There are no conceivable circumstances where Ms Sturgeon would not argue that independence is best for Scotland.
A good Brexit outcome, from her point of view, would indicate that Scotland’s withdrawal from the UK (our most important trading partner by far) is also a good bet, and a bad Brexit deal would demonstrate the necessity for independence.
It is obvious that a successful Brexit would terminate the SNP’s dream of independence and regrettably it appears that Ms Sturgeon will do everything in her power to scupper a good deal.
Introducing chaos and confusion suits her agenda but, sadly and paradoxically, it will damage Scotland.
Iain G Richmond, Guildy House, Monikie.
Why not boxes at the end of life?
Sir, – I have a suggestion which I hope proves popular with both the public and politicians.
Could the Government supply free boxes at the end of life, similar to the Baby Box scheme?
It would be a financial benefit to less well-off families at a stressful time, and a degradable box would be good for the environment.
This proposal might even get a few more votes at election time.
Robert McKinnon, 36 Soutar Crescent, Perth.
The real value of our GPS
Sir, – I always find it instructive to read readers’ letters concerning general practitioners.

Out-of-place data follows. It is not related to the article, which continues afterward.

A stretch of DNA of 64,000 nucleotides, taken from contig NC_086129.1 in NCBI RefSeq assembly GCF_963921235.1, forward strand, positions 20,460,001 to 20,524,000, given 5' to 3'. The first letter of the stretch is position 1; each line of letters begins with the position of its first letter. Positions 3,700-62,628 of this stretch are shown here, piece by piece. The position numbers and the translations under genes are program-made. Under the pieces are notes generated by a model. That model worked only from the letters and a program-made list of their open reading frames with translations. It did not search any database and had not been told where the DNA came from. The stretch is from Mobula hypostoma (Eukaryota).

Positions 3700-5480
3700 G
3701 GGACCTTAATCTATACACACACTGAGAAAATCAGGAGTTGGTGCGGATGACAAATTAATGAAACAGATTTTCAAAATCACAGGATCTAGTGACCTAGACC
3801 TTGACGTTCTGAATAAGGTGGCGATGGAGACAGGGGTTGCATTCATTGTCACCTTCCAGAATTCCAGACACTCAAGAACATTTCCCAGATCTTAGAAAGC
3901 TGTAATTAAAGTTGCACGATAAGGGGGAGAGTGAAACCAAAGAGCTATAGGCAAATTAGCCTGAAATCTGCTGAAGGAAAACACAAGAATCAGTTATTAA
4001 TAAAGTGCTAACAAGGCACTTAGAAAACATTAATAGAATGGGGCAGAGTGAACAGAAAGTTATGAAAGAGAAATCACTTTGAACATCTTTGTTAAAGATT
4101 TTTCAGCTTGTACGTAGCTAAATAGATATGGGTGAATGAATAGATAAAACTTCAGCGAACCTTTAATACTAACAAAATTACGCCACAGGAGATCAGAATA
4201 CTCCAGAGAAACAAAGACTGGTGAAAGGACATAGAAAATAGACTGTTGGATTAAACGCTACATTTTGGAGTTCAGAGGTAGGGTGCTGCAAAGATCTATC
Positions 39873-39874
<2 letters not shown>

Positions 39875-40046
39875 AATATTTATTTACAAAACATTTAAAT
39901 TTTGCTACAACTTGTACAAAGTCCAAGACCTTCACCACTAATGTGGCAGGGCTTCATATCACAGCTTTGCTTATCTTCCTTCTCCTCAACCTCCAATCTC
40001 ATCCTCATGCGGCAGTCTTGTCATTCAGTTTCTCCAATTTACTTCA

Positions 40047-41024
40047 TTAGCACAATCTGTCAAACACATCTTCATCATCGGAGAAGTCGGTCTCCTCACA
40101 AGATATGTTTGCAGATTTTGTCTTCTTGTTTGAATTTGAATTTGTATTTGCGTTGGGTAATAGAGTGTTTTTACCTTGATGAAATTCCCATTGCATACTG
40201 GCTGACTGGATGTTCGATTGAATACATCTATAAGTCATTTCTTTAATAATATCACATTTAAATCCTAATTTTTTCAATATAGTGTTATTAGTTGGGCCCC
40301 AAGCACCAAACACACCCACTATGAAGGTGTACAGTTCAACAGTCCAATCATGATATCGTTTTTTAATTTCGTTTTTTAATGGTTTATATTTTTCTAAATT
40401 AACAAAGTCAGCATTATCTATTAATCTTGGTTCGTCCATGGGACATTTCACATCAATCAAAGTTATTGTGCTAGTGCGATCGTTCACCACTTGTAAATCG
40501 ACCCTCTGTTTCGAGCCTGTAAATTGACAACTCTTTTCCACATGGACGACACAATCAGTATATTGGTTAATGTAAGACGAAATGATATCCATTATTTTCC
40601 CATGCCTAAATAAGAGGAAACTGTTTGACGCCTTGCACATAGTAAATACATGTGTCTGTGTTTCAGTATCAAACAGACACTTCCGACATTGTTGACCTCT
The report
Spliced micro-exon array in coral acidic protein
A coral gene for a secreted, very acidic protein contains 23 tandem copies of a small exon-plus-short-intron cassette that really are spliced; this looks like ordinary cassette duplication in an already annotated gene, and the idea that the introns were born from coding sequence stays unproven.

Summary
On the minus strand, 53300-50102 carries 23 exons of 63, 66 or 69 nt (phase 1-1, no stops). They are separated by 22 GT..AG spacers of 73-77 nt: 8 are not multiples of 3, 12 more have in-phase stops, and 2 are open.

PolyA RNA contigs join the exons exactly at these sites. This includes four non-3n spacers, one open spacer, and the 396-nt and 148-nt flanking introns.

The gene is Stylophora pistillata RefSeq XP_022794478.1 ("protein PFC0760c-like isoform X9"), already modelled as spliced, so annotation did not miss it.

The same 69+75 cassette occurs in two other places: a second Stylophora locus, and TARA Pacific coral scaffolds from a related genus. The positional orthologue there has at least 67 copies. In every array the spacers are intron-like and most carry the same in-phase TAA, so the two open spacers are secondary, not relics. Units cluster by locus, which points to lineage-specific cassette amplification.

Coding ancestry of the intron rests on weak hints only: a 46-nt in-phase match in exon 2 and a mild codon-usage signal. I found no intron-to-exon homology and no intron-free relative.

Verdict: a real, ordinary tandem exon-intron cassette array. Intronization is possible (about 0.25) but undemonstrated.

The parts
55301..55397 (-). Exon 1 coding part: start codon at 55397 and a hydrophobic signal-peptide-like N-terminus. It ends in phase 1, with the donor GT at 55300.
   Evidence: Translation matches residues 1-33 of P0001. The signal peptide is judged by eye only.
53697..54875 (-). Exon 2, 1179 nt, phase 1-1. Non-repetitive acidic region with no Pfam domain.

Once you wade through the waffle about triaging, delegation to nursing staff, absenteeism due to pursuing other activities, non-availability 24/7, 52 weeks a year, the writers usually cut to the chase – general practitioners’ monstrous salaries.
It never ceases to amaze me that a society prepared to pay a footballer half a million pounds a week for kicking a ball about for a few hours, or a pop star for twanging a guitar, would begrudge a decent salary and working conditions to people who are saving lives.
The response might be that market forces determine the wages of footballers and pop stars, but consider the consequences if GPs decided to test the demand for their services by withdrawing their labour and demanding a million pounds a year?
We would have to pay them or hospitals would simply vanish under the tide of patients.
Sometimes it isn’t hard to understand how Jonathan Swift became a complete misanthrope.
To the doctors’ critics I would say, at your next consultation, look your GP straight in the eye and tell him what you think.
You might find he has forgotten to warm up his stethoscope!
George Dobbie, 51 Airlie Street, Alyth, Blairgowrie.